Objective: Immunohistochemical evaluation of p53 staining patterns has been considered as a complementary test for dysplasia in ulcerative colitis-related colorectal cancer surveillance, but usefulness would be particularly important if it were a marker associated with a poor prognosis. The aim of this study was to determine whether abnormal p53 staining of the tumor correlated with cancer-related mortality in ulcerative colitis patients.
Methods: An historical cohort study was designed to examine all ulcerative colitis patients who developed colorectal cancer between 1978 and 1997 and who had tumor tissue blocks available for staining. Tissue was recut and stained for abnormal p53 immunohistochemistry using the DO-7 antibody. Tumors were considered to be p53 positive if at least 5% of nuclei in a high power field were positive for staining.
Results: Among 75 patients entered in the study, 38 (50.7%) had p53 positive tumors. Fourteen patients (36.8%) with p53 positive tumors died from colorectal cancer, compared to five (13.5%) with p53 negative tumors (p < 0.04, log-rank test). The adjusted relative risk of cancer-related death among patients with p53 positive tumors was 3.03 (95% CI = 1.05-8.73).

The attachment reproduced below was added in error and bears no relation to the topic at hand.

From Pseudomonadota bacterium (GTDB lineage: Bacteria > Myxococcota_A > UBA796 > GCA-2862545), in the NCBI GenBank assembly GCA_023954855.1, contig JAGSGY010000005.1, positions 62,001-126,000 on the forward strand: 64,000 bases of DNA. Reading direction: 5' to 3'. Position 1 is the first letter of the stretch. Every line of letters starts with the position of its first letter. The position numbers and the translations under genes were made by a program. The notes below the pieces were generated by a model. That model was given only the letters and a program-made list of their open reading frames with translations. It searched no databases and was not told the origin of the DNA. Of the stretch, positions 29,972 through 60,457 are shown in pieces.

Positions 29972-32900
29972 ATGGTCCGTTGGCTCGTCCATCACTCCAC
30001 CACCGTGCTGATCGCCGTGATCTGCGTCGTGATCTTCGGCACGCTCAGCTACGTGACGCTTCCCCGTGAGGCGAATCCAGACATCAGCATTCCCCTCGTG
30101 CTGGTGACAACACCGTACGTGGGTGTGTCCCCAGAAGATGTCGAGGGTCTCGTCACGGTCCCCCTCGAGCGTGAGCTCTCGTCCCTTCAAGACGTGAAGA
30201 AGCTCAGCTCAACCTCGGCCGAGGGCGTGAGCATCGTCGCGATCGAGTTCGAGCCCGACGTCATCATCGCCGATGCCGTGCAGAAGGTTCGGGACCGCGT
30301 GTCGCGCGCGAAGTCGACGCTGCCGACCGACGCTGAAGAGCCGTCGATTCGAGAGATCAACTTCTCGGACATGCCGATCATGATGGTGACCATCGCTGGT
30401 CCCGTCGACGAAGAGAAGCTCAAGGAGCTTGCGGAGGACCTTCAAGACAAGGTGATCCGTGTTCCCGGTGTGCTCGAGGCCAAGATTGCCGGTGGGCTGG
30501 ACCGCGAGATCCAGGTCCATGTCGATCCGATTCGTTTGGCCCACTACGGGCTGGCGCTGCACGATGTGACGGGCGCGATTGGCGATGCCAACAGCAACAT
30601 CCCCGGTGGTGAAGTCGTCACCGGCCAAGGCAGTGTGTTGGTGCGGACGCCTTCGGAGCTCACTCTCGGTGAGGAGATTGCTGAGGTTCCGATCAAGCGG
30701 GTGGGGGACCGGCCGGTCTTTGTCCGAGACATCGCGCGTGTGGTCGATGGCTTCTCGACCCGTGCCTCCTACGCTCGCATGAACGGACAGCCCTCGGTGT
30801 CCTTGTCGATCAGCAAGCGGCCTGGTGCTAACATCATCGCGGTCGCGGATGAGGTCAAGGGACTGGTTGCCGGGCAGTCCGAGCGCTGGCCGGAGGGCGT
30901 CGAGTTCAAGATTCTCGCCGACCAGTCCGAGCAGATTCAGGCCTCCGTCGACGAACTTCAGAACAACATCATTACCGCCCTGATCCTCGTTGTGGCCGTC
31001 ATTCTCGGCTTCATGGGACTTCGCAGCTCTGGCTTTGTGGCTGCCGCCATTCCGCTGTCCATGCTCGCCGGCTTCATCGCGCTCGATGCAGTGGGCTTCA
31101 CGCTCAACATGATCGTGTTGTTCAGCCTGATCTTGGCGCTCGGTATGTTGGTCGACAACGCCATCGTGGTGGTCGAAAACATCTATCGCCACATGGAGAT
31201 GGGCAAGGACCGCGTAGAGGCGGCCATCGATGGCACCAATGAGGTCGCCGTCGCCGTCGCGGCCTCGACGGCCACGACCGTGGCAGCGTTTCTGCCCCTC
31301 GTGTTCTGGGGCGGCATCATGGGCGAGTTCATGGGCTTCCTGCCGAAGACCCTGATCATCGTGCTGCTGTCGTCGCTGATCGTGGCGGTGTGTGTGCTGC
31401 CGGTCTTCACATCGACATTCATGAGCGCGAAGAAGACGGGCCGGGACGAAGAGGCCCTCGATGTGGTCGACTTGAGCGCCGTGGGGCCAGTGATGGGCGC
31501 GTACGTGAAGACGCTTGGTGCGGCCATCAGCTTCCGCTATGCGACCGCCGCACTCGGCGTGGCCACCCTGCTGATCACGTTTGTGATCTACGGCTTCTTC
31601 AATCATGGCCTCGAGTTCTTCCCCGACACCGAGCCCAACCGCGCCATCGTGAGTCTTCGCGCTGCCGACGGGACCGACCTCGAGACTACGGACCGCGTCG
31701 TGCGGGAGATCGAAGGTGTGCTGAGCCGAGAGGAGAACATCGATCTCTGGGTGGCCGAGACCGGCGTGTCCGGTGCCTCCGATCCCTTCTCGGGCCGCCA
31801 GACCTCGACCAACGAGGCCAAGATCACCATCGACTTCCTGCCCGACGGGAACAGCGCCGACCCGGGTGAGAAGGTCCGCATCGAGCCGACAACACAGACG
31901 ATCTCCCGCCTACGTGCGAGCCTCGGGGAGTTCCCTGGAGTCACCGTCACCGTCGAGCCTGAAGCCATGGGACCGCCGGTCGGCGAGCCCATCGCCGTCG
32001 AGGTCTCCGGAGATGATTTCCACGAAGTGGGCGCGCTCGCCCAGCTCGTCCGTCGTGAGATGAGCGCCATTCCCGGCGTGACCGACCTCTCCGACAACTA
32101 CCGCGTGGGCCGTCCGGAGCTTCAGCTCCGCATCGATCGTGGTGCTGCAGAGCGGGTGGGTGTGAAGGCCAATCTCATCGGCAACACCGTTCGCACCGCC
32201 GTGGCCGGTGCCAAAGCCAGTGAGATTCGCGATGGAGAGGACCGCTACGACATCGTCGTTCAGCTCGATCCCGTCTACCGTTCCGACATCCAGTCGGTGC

Conclusions: Abnormal p53 immunohistochemistry of tumors is associated with a poor prognosis among ulcerative colitis patients who develop colorectal cancer. As such, p53 immunohistochemical staining could be a useful histological marker to complement routine histology in cancer surveillance programs in ulcerative colitis patients.